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Guest Post: How to Get an Early Start on Healthy Sleep for your Baby

Guest Post: How to Get an Early Start on Healthy Sleep for your Baby

Today, I'm featuring Becca Campbell of Little Z's Sleep Consulting, who has penned a wonderful blog about how to set yourself and your baby up for the best sleep during those early newborn days. Read on for her excellent advice!

Congratulations! You are awaiting…or have already welcomed your sweet baby into this wide and wonderful world! That’s a tremendous accomplishment and I urge you to take pride in the work your body did these past nine months. You are incredible!

By now you probably realize your baby only does a few things. Sleeps, eats, poops…and sleeps…and eats…and poops. It’s a pretty simple daily routine yet can cause tremendous stress on new moms.  

As a Pediatric Sleep Specialist, I like to guide new moms in what to expect…and what not to expect during your child’s first 0-12 weeks of life. I find it to be freeing and powerful when you know the basics around newborn sleep, so I am opening up to you now in hopes that these few foundational strategies will take some of the New Baby stress away. 

  1. Tiny Baby, Tiny Clock. The birth day of your baby is quite an event! Typically your child will spend the majority of their first few days catching up from the exhausting journey into your arms. Once they begin to open up their eyes and explore the world using their senses, remember not to overload them. Up until 3 months old, your baby can really only handle about 45-60 minutes of awake time. Learn your baby’s cues (typically yawning at this stage) so you can time the next nap easily.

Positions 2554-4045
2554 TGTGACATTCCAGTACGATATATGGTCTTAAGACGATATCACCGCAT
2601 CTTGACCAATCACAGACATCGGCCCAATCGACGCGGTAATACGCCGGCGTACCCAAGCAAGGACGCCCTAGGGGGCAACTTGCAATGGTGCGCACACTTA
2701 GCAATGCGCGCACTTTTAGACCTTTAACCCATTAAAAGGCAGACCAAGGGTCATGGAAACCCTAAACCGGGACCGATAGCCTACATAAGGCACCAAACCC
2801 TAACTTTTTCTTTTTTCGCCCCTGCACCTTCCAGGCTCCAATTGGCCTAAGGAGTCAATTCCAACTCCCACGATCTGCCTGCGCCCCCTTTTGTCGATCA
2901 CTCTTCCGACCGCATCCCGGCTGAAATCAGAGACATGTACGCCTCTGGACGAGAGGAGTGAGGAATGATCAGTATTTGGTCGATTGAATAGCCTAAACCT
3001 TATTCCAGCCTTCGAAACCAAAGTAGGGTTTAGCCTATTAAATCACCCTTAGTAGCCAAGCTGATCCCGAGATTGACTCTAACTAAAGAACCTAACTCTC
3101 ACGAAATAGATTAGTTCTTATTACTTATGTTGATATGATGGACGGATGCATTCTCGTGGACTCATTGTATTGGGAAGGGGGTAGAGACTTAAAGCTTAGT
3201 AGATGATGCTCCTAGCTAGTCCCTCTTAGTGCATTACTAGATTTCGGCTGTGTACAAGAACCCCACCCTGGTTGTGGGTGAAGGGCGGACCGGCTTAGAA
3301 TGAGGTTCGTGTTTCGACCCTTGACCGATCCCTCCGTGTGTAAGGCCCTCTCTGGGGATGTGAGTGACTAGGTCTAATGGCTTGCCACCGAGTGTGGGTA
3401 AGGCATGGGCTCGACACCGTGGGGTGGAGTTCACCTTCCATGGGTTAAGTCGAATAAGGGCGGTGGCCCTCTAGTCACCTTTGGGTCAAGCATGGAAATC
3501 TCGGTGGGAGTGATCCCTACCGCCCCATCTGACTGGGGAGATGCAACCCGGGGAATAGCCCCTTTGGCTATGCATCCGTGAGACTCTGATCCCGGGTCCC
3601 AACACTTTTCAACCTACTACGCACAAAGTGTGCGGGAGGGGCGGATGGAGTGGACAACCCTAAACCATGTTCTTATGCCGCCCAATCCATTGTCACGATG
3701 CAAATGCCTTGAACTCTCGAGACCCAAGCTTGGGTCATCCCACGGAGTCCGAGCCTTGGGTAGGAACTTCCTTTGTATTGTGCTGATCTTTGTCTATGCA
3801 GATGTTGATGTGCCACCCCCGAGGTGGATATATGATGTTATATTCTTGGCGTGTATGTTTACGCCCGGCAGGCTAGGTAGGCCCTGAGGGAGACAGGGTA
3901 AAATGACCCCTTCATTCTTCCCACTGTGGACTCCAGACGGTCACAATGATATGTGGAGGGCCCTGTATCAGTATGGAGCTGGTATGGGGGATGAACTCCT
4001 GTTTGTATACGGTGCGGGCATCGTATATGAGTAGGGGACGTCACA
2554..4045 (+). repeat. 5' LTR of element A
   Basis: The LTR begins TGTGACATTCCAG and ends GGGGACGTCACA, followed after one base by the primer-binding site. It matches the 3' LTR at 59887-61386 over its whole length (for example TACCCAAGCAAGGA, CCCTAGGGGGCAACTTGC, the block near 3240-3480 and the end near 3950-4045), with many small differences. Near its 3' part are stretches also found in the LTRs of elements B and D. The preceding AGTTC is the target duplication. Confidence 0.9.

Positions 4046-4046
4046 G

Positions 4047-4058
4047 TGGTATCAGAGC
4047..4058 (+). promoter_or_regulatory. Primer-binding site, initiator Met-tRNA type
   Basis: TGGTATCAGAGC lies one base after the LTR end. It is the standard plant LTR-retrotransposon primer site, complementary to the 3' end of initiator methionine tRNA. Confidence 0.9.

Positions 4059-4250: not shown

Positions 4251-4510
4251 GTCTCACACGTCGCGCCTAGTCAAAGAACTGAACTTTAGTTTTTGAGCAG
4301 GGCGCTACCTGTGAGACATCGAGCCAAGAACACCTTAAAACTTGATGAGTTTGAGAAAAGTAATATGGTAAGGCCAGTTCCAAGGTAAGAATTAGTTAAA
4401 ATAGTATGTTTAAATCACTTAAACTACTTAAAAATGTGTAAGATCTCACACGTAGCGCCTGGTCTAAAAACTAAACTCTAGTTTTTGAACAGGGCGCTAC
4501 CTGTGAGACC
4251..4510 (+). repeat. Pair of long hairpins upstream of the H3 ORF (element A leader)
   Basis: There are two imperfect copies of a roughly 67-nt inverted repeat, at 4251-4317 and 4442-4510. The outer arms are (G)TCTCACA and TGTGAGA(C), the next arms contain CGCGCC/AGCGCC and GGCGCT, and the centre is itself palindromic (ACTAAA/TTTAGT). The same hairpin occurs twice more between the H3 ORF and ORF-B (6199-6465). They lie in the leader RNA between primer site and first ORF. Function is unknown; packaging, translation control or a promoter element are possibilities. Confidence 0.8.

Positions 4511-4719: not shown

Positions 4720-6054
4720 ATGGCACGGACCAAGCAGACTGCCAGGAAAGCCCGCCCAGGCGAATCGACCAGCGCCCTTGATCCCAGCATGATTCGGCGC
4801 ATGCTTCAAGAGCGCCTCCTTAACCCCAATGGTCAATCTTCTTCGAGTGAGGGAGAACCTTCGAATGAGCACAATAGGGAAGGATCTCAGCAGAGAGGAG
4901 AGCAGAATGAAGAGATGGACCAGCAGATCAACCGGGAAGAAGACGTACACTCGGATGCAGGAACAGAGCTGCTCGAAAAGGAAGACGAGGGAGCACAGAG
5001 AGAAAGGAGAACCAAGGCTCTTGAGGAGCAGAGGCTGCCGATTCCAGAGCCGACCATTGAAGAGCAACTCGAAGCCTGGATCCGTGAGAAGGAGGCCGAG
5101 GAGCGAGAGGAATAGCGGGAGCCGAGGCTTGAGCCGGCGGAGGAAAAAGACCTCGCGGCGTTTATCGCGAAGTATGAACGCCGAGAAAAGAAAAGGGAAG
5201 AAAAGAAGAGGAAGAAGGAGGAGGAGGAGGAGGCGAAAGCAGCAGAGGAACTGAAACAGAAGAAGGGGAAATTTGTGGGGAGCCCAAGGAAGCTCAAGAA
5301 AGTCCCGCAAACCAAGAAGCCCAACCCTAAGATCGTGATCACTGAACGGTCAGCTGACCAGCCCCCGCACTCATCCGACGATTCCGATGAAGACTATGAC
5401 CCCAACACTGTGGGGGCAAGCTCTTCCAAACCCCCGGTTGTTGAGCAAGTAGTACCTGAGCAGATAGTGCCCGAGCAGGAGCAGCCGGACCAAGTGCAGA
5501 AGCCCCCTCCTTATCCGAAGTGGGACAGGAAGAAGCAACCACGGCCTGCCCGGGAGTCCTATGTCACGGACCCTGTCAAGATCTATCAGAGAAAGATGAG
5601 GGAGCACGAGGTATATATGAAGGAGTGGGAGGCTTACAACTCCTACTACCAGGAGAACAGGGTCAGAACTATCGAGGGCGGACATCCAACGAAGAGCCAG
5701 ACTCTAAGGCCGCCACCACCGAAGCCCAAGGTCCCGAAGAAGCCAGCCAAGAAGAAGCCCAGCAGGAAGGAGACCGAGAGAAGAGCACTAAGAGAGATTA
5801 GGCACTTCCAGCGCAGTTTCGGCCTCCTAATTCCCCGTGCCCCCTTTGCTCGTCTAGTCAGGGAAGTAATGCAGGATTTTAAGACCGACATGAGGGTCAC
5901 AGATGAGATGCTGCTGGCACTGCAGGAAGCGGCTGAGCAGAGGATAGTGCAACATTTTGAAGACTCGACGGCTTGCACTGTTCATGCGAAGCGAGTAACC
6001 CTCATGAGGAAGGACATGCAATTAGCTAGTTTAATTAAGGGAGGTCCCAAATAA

2. All About Routines. From the beginning establish a solid bedtime routine (between 8-9pm). A bedtime routine helps cue your little one that it’s time for night now, and begins to teach their body the difference between day and night. Even though their circadian rhythm isn’t set until 6 weeks, every little bit you do to help is beneficial. An example of a bedtime routine would look like: bath, massage/lotion, diaper, pajamas, feed, into crib/bassinet.  
  3. Relax! Remember to take time for you. Even if your newborn is only down for 30 minutes, use that time to lay down yourself. Every moment you can take to reenergize and refocus is key. Go easy on yourself, and again, praise all the hard work your body has done! 

If you are a new mom (or a fourth-time mom!) with lots of questions about your baby’s sleep, I invite you to book a free 15 minute discovery call.  I would love to hear your birth story, your baby’s story, and help get everyone on track. My ultimate goal and passion is to help families find peaceful sleep so they are all happy and healthy. 

Sweet Dreams,

Becca Campbell

Becca Campbell Sleep Consultant

Guest Post: Five Things I Know about Perinatal Mood Disorders

Guest Post: Five Things I Know about Perinatal Mood Disorders

Most of us know someone who has had some experience with a Perinatal Mood Disorder (PMD).  It’s an all-too-common condition that approximately 14-25% of women who are pregnant or who give birth will experience.  That doesn’t mean that it is limited to the most commonly known PPD (postpartum depression).  There are a few different conditions that can affect the mental health of pregnant and postpartum women.  

Two recent studies have shown that postpartum anxiety and postpartum obsessive compulsive disorder (OCD) are much more common than previously thought.